Nicki

25:41 Because that’s not even coming from me. I thought-

Stu

25:44 No, let’s hear them, I’d love to.

Nicki

25:45 Okay, so Crystal said, “I read this book to learn about preventative measures, since some people on my mother’s side have had type 2, and all family members on both sides of my family struggle with our weight. I was surprised by the author’s personal story, and also her ability to speak both authoritatively but also conversationally. She covers many more aspects of eating and also relationship with food than most other diabetes books, so that alone makes it more valuable than other books I’ve read, which often focus on things in a more clinical manner, and for me that makes them less accessible than the content of this book. Definitely recommend, even if you don’t have type 2, or just want to avoid it and be healthier in general.”

Stu

26:28 Great, fantastic.

Nicki

26:30 John Galt says, “This book is a great resource, even if you don’t have type 2. I picked it up when we got high blood pressure. I appreciate how each chapter is packed full of information leading straight to the potential for change if you follow the advice given. Each of her 16 practices are laid out with clear instruction, and anyone can find a place where they can start down the path toward better health. I also loved the gentle style Dr. Nicki used to share both the practices and how she’d implemented them in her own life. Definitely recommend this book …”

27:05 And Keisha says, “This book explained how to reverse type 2 diabetes in an easy-to-read and easy-to-understand way. I especially liked the personal notes Dr. Nicki inserted throughout the book sharing anecdotes about her life while on this health journey. These personal stories made the book relatable and enjoyable to read.” So … And the last line, “I felt like I was being informed about the dangers of eating too much sugar by a concerned friend who genuinely cared about my wellbeing.”

Stu

27:34 Fantastic.

Nicki

27:34 And yeah, those types of sentiments just ran through the reviews, and certainly that was my intention, but not so consciously as it did come through. And if I can share one more thing that I was head-over-heels to receive, an endorsement by Dr. Christiane Northrup-

Stu

27:54 Fantastic.

Nicki

27:55 Who is a pioneer in women’s health, and she said “Contrary to what conventional medicine generally believes, type 2 diabetes is reversible, even preventable. All the secrets for how to do this are right here in this engaging book. Dr. Christiane Northrup, New York Times best-selling author of Goddesses Never Age.” So the book, “Easy to read,” “A friend is holding your hand,” my story is woven through it, and I start with myths and go into 16 practices to support you on your wellness holistic journey.

Stu

28:31 Great. So shed a little bit of light then, without giving too much away, on the practices? So I’m guessing nutrition, mindset, movement, exercise? What else would be on the list there?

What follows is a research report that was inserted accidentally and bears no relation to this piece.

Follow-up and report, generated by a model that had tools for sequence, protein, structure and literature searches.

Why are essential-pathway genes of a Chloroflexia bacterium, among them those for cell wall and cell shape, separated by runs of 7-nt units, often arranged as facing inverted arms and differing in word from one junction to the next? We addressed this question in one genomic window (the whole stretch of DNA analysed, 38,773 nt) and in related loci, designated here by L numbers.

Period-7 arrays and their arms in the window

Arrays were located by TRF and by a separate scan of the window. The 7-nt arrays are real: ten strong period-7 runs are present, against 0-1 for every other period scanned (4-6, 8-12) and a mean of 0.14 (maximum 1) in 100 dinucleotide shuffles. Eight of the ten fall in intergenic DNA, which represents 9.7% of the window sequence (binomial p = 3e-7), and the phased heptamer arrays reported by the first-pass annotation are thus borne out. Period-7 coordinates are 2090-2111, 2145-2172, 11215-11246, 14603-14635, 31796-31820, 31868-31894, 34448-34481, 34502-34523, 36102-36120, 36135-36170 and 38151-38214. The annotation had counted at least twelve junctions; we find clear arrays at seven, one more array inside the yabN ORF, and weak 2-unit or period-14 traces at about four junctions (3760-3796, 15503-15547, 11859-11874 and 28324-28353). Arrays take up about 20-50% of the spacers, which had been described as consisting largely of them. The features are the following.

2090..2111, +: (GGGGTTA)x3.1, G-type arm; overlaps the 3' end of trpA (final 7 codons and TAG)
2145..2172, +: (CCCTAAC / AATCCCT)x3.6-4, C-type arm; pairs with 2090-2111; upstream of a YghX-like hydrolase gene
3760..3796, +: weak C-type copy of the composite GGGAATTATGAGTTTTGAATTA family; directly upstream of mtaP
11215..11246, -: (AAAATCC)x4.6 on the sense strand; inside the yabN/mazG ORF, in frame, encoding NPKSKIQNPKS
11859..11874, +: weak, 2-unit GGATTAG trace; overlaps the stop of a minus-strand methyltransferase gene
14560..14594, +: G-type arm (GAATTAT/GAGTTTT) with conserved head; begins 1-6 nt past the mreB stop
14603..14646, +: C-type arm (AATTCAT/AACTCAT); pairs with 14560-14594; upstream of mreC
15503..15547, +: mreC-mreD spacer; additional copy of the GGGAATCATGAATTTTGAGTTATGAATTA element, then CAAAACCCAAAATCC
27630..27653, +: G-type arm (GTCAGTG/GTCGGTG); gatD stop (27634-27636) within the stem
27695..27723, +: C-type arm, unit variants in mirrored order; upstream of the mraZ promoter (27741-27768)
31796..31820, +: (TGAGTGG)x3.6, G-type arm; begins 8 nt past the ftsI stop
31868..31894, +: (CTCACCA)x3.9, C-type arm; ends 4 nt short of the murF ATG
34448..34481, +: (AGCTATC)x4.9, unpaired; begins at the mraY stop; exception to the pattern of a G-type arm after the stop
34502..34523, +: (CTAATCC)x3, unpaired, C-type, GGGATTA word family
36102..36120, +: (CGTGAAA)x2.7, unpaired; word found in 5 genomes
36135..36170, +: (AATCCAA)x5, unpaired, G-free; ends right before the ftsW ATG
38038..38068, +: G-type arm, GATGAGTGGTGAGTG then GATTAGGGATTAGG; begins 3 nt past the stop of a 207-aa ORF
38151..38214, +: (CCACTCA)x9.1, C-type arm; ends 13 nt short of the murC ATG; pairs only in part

Nicki

28:48 Stress-reduction.

Stu

28:49 Yes.

Nicki

28:49 So meditation. You know, however you find your stress reduction practices, or practice, you know, whether it is meditation, whether it’s walking in nature, whether it’s deep breathing, you know? Really training ourselves to tap into our parasympathetic nervous system and really, really come down, you know? So that when those stressors do arise, we don’t go into a full-on panic and have our blood sugar raised every time that happens. Veggie juicing is another practice I love. Of course you need to learn your dosage, learn how that affects your blood sugar.

Stu

29:33 Yeah.

Nicki

29:34 Increasing healthy fats, right? Increasing healthy fat is very important. Learning your supplements is another practice, you know? And again, there’s no one-size-fits-all, but the beauty is that through the 16 practices readers can go in and choose what they want, start anywhere, and see which ones speak to them. Before we know it, we’re doing 10 practices and it’s not taking 10 hours.

Stu

30:02 Yeah.

Nicki

30:02 It’s integrated into our day.

Stu

30:05 Got it. So you spoke about meditation, and I’m guessing that many people would think, “Well, you know, type 2 diabetes, I’ve just got to cut out the sugar and move a little bit more.”

Nicki

30:18 Yeah.

Stu

30:18 “That’s kind of it.” And there will be a curiosity then, linking meditation with practices and strategies to reduce and reverse type 2 diabetes. So let’s just talk a little bit then about the importance of mindset, stress-reduction techniques like meditation, as part of a toolkit to do this?

Nicki

30:40 You know in truth, I believe that setting out on a journey to, let’s say, reverse type 2 diabetes, great. And we see those numbers change, great. What we really want is a full-bodied life.

Stu

31:05 Yes.

Nicki

31:05 You know, what we really want is to thrive in all aspects of our life. So, much like going on a diet, it’s not sustainable. We’re not going to see the long-term effects if we just tackle one area, i.e. food, right? We might see some gains. In our body we might see some gains, in blood sugar numbers, but unless we also incorporate mind and spirit, spirit being connection, connection to nature, connection to others, ourselves, then we’re not going to really tap into our full potential. So when I work with folks, it’s not really just about, “How can we drop those numbers?” You know?

Stu

31:54 Yeah.

Nicki

31:55 And that’s why I find other practices significant,

32:00 And a life well lived.